One Easy Solution for All Concussions in the NHL

Ian MathesonContributor IIIDecember 13, 2011

DETROIT - JUNE 12:  Sidney Crosby #87 of the Pittsburgh Penguins skates of off the ice after getting injured against the Detroit Red Wings during Game Seven of the 2009 NHL Stanley Cup Finals at Joe Louis Arena on June 12, 2009 in Detroit, Michigan.  (Photo by Jamie Sabau/Getty Images)
Jamie Sabau/Getty Images

With Philadelphia Flyers star forward Claude Giroux out indefinitely after sustaining a head injury during a game, the issue of player safety has once again sky rocketed.

As if another setback to Sidney Crosby wasn't enough, the league now appears to have lost another prominent star due to concussion symptoms and it's becoming clear that something must be done.

While the circumstances surrounding Giroux's injury are different to most concussion-related topics, what remains a constant is the increasing amount of players missing time over head injuries.

Giroux got hurt after his teammate, Wayne Simmonds attempted to hurdle over him while he was down on the ice to avoid collision.

The resulting incident entailed a far worse outcome as Simmonds' knee contacted the back of Claude's helmet, forcing him to leave the game

After initially being listed as day to day, Giroux has started feeling stronger symptoms several days later, shelving him for the foreseeable future.

Apart from Giroux's unique situation, the problem most players encounter that causes head injuries is often the same: shoulder contact to the head.

Over the past few seasons, more players are taking hard shots above their shoulders, and so far the NHL hasn't done much to eliminate it.


Sure they've hired Brendan Shanahan to enforce the rules and dish out stern penalties to illegal checks but is that enough to stop the onslaught of reckless hits? Losing money and missing time is a frustrating deterrent for violators no doubt, but there's a general lack of respect in some cases that's starting to become a problem in the new NHL.

The game is slowly becoming dominated by a younger, speedier generation of players, which means that collisions are happening a lot faster than they used to.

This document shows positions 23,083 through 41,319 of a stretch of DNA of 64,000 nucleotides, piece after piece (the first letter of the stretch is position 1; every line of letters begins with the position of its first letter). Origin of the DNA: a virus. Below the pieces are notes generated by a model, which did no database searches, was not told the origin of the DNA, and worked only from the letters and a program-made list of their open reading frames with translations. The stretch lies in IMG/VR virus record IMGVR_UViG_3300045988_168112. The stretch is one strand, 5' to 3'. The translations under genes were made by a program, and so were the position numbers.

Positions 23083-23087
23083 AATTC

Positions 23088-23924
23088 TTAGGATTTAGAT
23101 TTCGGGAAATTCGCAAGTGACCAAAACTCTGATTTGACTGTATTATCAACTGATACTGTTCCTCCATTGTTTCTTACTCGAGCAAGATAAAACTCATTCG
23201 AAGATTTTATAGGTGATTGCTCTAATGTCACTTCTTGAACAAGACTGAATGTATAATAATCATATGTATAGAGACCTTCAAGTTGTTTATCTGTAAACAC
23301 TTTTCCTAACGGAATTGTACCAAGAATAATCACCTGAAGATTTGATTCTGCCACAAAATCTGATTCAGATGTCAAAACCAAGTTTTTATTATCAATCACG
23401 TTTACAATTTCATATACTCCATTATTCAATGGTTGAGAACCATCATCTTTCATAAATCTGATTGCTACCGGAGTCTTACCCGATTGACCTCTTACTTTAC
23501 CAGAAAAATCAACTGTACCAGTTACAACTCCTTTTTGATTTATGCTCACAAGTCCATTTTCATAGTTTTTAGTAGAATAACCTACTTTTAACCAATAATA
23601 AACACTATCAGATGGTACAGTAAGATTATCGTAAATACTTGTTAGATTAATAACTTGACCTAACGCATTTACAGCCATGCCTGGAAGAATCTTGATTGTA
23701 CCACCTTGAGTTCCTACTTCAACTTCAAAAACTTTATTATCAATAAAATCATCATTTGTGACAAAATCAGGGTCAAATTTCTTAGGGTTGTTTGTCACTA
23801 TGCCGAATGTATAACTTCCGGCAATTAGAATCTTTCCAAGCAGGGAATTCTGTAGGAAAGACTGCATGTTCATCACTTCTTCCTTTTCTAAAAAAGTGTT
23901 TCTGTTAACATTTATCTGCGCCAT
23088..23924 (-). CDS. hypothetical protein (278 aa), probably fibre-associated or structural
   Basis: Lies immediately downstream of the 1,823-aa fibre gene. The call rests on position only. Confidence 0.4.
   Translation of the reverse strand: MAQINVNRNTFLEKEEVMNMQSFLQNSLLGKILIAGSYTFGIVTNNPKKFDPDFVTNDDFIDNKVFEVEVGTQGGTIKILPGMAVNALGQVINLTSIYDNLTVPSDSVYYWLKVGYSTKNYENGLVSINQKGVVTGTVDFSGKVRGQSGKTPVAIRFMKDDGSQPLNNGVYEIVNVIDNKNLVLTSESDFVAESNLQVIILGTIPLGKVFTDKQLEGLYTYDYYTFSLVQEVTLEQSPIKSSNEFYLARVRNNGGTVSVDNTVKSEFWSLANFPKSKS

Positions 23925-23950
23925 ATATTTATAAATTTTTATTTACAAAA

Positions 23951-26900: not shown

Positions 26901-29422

Old time hockey worked in the past because players didn't fly around as fast, and their equipment was smaller and composed of different material.  

A recent incident that occurred in a game between the Penguins and Canadiens resulted in a concussion for blueliner Kris Letang, after Habs' forward Max Pacioretty cut across the ice on his blind side to make a hit, making contact with his head.

The result is still being felt in Pennsylvania, as Letang is yet to return to the line up and you have to wonder if there could have been a different result had Pacioretty been wearing different shoulder padding.

If you look back several decades to the days when players weren't required to wear helmets, and their padding consisted of light foam and cloth, you'll find that there was a lot more respect amongst players than there is now.

With the shoulder armor that's currently being administered as protective padding, it's little wonder that guys like, Sidney Crosby, David Booth or Marc Savard all missed extensive time because of head hits.

If the league reverted to smaller and softer padding, players wouldn't feel so brave running into players or towards the boards with reckless abandon because the risk of inflicting damage on themselves would be to prevalent.

Would we lose the physical element of a physical game? Absolutely not.

It would only make hockey a safer game, with less permanent injuries than there are now.